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Caring for your pelvic’s health

Dr Johnstone Miheso. [PHOTO: COURTESY/STANDARD]

Routine Kegel exercises are a must for all women particularly of child bearing age throughout their lives.

The exercises are named after Dr Arnold Kegel, the gynaecologist who first described them to strengthen the pelvic floor muscles.

The pelvic floor in women supports the uterus, bladder and bowel and prevents a common condition known as pelvic organ prolapse affecting half the women who have had children.

According to Urogynaecologist Dr Johnstone Miheso, there are many ‘silent sufferers’ who are too embarrassed to seek medical help about some of the pelvic floor disorders yet the conditions can be prevented by practicing daily kegel exercises.

He defines Kegel exercise as a type of physiotherapy which consists of repeatedly contracting and relaxing the muscles that form the pelvic floor.

“This practice is similar to a lady pretending she has to urinate and then holding it in,” he says.

Dr Miheso describes pelvic organ prolapse as the descending, or drooping of any of the pelvic floor organs including the bladder, uterus, vagina and rectum into, or outside of the vaginal canal.

He says this a common condition among women who have had vaginal delivery and attributes age (above 40), multiple deliveries and menopause as the main risk factors. Other causes are obesity, chronic constipation and cough and previous pelvic operations such as hysterectomy.

 “Patients may present with a dysfunction of one of the organs bladder, bowel or recurrent vaginal discharge and problems when having sexual intercourse. They may also have urinary incontinence, or describe a feeling of a ‘bulge’ from beneath or a sensation of ‘sitting on a ball,” he says.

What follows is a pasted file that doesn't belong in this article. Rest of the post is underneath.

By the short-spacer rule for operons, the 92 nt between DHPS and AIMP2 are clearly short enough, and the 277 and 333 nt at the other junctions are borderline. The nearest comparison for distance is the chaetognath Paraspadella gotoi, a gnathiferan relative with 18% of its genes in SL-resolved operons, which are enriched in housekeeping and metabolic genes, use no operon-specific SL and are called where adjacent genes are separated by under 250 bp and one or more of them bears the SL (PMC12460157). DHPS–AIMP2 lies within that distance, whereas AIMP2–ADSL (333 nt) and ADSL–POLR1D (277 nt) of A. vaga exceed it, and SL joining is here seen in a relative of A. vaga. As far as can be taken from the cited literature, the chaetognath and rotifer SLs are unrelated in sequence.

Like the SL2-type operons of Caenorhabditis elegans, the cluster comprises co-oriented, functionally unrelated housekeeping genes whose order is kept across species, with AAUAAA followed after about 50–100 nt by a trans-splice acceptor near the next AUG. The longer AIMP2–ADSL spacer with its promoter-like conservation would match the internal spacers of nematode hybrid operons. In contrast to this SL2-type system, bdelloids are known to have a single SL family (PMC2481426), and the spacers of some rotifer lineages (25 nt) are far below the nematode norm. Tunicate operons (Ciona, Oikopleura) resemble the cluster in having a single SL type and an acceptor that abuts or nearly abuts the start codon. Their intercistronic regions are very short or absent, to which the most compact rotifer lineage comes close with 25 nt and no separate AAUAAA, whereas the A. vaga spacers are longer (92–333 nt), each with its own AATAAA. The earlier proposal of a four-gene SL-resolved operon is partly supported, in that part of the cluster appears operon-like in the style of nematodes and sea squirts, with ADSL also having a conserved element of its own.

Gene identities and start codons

In most cases, pelvic organ prolapse appears during menopause since it is during this time that pelvic tissues damaged during childbearing, age and lose strength.

However, about 50 per cent of women do not show any symptoms and those who do are sometimes vague because of embarrassment.

“A keen gynaecologist should be able to identify this problem through a careful history, physical examination, or when conducting a pap smear test,” Dr Miheso says.

In terms of prevention, Kegel exercises are the best way to keep this occurrence at bay.

Doctors also advice keeping constipation at bay because the straining it causes increases pressure from the bowel on the vaginal wall which weakens and damages the connective tissue and muscles in the pelvis.

Surgery comes in once the condition has been identified and is always as a last resort.

“Patients can seek help from general hospitals and a majority do not need specialised treatment. By reporting the condition early women can avoid social problems commonly associated with pelvic organ prolapse,” he says.